In response to his taunt, the silhouette of a short but solid precursor began to fade into view several feet in front of him. The hero was unarmed and wore no armor that could be seen, but that meant little when it came to judging his danger. Testaments to his skill as a killer laid strewn around the room.
Beneath his battle helm the Rikti curled his thin lips into a smile. All around him lay bodies of Rikti soldiers who had received a righteous death at the hands of this precursor. To defeat him would mean glory, to die would mean glory. So for glory he charged.
Shouting a mental shriek that would have staggered the mind of lesser creatures, the Rikti lunged in and swung his massive blade in a wide horizontal arc. Neither of the attacks had any affect on his quarry and the slighter warrior leapt over the blade, evading his attack.
The pair battled in epic form. The seasoned warrior clashing with the creature of shadow and darkness. His mighty blade cut through the air, an instrument of death hungry and frustrated. The device was desperate to taste the blood of the less noble precursor, but the agile form evaded it with cunning ease, slipping into the shadows to disappear from sight then striking from behind. A true creature of the dark.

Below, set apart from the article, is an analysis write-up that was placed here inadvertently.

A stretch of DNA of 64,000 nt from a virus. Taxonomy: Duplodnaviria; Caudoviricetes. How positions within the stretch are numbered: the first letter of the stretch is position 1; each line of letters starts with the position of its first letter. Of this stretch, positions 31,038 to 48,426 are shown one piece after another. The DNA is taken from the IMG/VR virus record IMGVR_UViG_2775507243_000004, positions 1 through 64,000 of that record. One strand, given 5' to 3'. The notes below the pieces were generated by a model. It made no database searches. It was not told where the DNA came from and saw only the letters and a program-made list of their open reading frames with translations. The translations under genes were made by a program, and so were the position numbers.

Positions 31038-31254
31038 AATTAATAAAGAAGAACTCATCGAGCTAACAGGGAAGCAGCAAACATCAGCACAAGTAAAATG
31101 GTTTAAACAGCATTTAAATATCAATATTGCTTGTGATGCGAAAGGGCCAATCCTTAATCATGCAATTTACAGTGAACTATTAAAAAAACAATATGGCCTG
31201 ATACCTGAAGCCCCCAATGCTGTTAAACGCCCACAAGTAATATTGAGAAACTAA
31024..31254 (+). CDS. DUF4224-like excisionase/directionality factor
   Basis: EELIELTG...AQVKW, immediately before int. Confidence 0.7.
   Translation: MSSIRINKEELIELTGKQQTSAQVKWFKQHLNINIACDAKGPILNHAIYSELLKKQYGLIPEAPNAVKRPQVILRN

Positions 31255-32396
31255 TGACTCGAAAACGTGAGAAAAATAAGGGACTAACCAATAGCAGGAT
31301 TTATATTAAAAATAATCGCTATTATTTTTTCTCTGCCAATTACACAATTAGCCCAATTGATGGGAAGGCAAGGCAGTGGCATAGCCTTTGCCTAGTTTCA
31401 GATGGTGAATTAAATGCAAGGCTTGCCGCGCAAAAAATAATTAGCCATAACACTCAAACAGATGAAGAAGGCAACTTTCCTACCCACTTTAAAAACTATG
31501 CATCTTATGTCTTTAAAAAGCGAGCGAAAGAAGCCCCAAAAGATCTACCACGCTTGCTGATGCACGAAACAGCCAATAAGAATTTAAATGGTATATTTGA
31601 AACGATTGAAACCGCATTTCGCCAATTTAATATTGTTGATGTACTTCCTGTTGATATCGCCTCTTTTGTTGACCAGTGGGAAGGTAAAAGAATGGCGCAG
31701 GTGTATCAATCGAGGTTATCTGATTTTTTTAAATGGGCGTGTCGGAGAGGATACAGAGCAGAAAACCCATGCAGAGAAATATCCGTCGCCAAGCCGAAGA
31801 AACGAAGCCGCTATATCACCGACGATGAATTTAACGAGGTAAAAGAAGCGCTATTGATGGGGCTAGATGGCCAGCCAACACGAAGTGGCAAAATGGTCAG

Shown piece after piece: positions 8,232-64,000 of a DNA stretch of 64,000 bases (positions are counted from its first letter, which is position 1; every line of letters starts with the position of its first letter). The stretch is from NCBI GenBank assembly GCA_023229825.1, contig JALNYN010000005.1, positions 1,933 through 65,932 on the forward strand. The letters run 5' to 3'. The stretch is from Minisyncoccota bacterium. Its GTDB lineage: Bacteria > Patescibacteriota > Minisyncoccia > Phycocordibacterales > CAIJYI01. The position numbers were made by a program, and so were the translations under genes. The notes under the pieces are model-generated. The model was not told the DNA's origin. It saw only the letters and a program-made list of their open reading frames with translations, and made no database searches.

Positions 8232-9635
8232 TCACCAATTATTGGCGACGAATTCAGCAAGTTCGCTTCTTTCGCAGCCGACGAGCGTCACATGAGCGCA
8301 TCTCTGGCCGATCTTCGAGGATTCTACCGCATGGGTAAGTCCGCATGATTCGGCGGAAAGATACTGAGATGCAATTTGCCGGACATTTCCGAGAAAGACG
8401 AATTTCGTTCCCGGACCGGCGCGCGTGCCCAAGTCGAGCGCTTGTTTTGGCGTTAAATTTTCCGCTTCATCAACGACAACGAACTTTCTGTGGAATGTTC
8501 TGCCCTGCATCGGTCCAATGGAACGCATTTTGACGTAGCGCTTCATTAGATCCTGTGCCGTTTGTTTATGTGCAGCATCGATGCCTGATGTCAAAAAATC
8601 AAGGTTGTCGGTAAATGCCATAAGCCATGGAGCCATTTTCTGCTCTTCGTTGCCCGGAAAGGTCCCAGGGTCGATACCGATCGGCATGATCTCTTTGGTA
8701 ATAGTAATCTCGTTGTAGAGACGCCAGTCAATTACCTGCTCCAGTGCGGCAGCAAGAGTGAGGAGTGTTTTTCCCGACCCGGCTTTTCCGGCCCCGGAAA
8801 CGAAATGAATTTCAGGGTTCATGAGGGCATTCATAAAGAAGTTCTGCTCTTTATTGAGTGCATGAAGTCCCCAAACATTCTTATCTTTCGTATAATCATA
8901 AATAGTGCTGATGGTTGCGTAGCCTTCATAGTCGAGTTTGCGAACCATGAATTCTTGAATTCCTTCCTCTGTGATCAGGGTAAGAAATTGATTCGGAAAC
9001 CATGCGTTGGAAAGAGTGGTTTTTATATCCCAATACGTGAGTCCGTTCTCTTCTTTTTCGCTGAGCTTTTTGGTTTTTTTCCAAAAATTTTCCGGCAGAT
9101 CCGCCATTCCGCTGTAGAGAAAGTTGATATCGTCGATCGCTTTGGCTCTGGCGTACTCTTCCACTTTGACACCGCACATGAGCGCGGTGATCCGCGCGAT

Fear seemed to flow from the shadows, assaulting his senses in tangent with the precursors deadly strikes of dark energy. Fear, however, held no more sway on him then his psychic attacks held on his adversary. Fear holds no power over the fearful.
The attacks against him were relentless but were slowly becoming predictable. His adversary was fierce, relentless and cunning, but it was only human. Dodging another attack his adversary ducked into the darkness. He let his senses take control of his limbs and by extension his weapon. The heavy blade came up over his head and thrust down behind his back seemingly of its own volition. The satisfying tension of his blade striking its target met his feelings, the becoming noise of a gasp of pain met his ears. He brought the blade up and swung it around in a wide arc, hoping to finish his quarry off but to his surprise and frustration his prey had eluded the strike. The precursor had leapt clear of his attack once again, though this time its left forearm hung from its elbow by mere threads of flesh.